Police in Victoria, Australia, are apparently looking for a suspect in connection with threats against a woman last week. To help track the person down, they released a digital composite image of a person in a medical face mask and sunglasses. Other than messy hair and a light skin tone, there are absolutely no identifying characteristics.
The Victoria police force has been roundly criticized worldwide for roughing up old people for not masking or socially distancing, arresting a pregnant woman, and massive police overreach. The province of Victoria has been called a "police state."
On Thursday, it was reported that police halted the search for a missing, 14-year-old autistic boy who didn't come home from his daily way, over fears of COVID-19 transmission. The boy was found dead.
Victoria police refused the public's help, saying that if people came out to help find the boy, they would be risking violation of the ruled that barred people from "traveling more than five kilometers from their homes."
"In line with coronavirus restrictions, at this stage we do not require any assistance from the public," police posted to Facebook.
While officers are arresting anti-lockdown protestors, police have also bowed to Black Lives Matter protests earlier in the pandemic, and reportedly did not make arrests due to face masks and social distancing restrictions.
The police force there has been authorized to enforce COVID-inspired restrictions such as wearing face masks, observing social distancing, not gathering, and not leaving home except during specific times and for a specific list of reasons. Their methods have been called out by Human Rights Watch, who said that the practices employed are "abusive" and "raise concerns about their commitment to upholding human rights."
Premier Daniel Andrews imposed curfews, in order to give law enforcement "the easiest set of rules to enforce," stating that the curfews were "not about human rights, but rather a matter of human life."
A new bill is coming up in Victoria's lower house which would "expand the authority to detain people during the pandemic crisis."
Videos that have surfaced from Australia have been disconcerting. A pregnant mom was arrested in her home, in her pajamas, in front of her kids, in Ballarat for organizing a socially distanced protest in Ballarat against the severe lockdown measures. The police have since said that arrested a woman, handcuffing her, and taking her from her home for posting something to Facebook was a proportionate response.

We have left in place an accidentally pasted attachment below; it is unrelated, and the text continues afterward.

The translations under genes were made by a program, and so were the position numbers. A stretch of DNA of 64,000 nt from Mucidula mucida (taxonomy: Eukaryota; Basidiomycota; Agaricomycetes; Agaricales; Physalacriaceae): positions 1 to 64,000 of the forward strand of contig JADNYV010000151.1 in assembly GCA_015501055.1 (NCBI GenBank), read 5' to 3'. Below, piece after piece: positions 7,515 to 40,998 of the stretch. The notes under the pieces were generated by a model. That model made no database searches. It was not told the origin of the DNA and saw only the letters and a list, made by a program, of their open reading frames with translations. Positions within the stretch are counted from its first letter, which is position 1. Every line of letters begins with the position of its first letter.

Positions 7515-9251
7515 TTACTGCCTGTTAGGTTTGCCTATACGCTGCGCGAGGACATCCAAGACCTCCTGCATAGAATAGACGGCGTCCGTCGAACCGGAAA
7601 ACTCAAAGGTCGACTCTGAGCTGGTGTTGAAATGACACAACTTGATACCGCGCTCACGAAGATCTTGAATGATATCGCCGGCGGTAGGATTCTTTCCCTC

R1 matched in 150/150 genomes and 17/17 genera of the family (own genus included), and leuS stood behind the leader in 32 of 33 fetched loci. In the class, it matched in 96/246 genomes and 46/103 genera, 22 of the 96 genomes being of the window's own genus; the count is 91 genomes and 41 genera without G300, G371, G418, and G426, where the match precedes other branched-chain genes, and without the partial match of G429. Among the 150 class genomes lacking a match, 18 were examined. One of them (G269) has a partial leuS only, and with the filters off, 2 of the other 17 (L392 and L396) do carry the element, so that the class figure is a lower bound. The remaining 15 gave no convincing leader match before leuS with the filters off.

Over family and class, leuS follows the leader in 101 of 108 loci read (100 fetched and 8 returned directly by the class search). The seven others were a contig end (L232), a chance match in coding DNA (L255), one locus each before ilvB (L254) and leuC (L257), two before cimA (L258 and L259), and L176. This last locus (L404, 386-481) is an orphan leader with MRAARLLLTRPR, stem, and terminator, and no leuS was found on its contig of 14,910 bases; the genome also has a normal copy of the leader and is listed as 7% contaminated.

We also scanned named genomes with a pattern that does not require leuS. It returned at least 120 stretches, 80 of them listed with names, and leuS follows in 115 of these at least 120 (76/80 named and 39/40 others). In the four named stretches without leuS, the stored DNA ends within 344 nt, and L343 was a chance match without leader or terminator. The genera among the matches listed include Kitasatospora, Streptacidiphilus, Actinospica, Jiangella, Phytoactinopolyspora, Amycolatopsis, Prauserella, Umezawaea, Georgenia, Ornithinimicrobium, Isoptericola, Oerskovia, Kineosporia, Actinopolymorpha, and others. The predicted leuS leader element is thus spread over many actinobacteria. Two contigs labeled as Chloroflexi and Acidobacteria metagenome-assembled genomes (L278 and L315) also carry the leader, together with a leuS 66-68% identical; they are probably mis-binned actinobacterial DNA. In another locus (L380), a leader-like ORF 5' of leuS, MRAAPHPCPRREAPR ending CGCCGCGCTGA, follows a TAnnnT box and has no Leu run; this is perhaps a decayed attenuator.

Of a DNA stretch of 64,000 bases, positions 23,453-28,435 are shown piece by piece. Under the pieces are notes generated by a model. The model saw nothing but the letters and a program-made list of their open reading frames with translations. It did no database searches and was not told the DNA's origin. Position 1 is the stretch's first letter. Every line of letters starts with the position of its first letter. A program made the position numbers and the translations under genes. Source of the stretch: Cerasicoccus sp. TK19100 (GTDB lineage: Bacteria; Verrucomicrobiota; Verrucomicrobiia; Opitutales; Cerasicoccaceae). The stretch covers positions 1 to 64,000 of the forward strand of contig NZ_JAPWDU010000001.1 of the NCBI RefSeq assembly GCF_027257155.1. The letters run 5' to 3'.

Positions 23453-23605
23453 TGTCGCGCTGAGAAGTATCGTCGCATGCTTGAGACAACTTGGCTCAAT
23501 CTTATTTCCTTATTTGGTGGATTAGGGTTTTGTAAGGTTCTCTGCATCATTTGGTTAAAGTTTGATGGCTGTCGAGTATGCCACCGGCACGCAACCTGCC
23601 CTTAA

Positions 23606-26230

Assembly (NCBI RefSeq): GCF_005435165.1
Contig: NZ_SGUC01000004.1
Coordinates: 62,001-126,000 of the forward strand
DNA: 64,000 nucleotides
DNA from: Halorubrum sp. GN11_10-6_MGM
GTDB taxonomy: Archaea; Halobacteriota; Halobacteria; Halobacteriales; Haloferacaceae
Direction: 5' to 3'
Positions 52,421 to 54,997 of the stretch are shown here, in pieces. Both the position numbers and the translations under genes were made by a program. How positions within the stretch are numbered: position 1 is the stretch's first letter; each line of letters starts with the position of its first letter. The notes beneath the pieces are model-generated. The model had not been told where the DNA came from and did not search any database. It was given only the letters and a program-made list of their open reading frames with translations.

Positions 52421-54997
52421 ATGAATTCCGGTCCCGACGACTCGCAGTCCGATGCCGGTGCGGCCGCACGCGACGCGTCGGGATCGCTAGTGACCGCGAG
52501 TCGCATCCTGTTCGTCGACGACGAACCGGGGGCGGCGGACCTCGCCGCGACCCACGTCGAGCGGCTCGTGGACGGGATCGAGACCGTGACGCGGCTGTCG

They threatened old women who were doing nothing but sitting on a park bench.
Another woman was reportedly "choked out" by police for not masking. A construction worker who was riding his bike to work was tackled off of that bike by officers who were concerned that he was not carrying the appropriate papers to authorize him being out of his home. In his defense, Korey Penny said he was carrying the correct authorization papers at the time, and was allowed to be outside of his home.
A professor with cerebral palsy and her elderly mother were not permitted to sit on a bench and rest, but were made to "move along." Katy Barnett, the professor, said that "the police came up and said, 'You have to move on, you're not allowed to stop walking.'" She said that the officers said "You need to keep walking and head back to your house."
Fines issued for breaking restrictions have resulted in a nearly US$2 million windfall for the province. The government, however, is planning to enact more restrictions and not less. The COVID-19 Ombibus Emergency Measure and Other Acts Amendment Bill 2020 was passed by the lower house in Victoria on Sept. 18.
It extends the powers of law enforcement to restrict movements, and allows officers to "preemptively detain people who test positive for the virus that causes Covid-19 and who are 'likely to refuse or fail to comply with the direction,'" according to Human Rights Watch.
Retired judges formed together with prominent attorneys to write a letter in opposition to these enforcement rules, saying that the proposed laws are "unprecedented, excessive and open to abuse."
Heavy-handed police tactics have been protested by Australians, and led to their arrests. However, given the police's new digital composite system, it is unlikely that any of their suspects will be recognized by the public at large.
Australia as a whole has seen less than 900 deaths from COVID-19, and of the 27,000 cases that nation has caught, over 24,000 have recovered. Victoria has the highest number of deaths, at 781.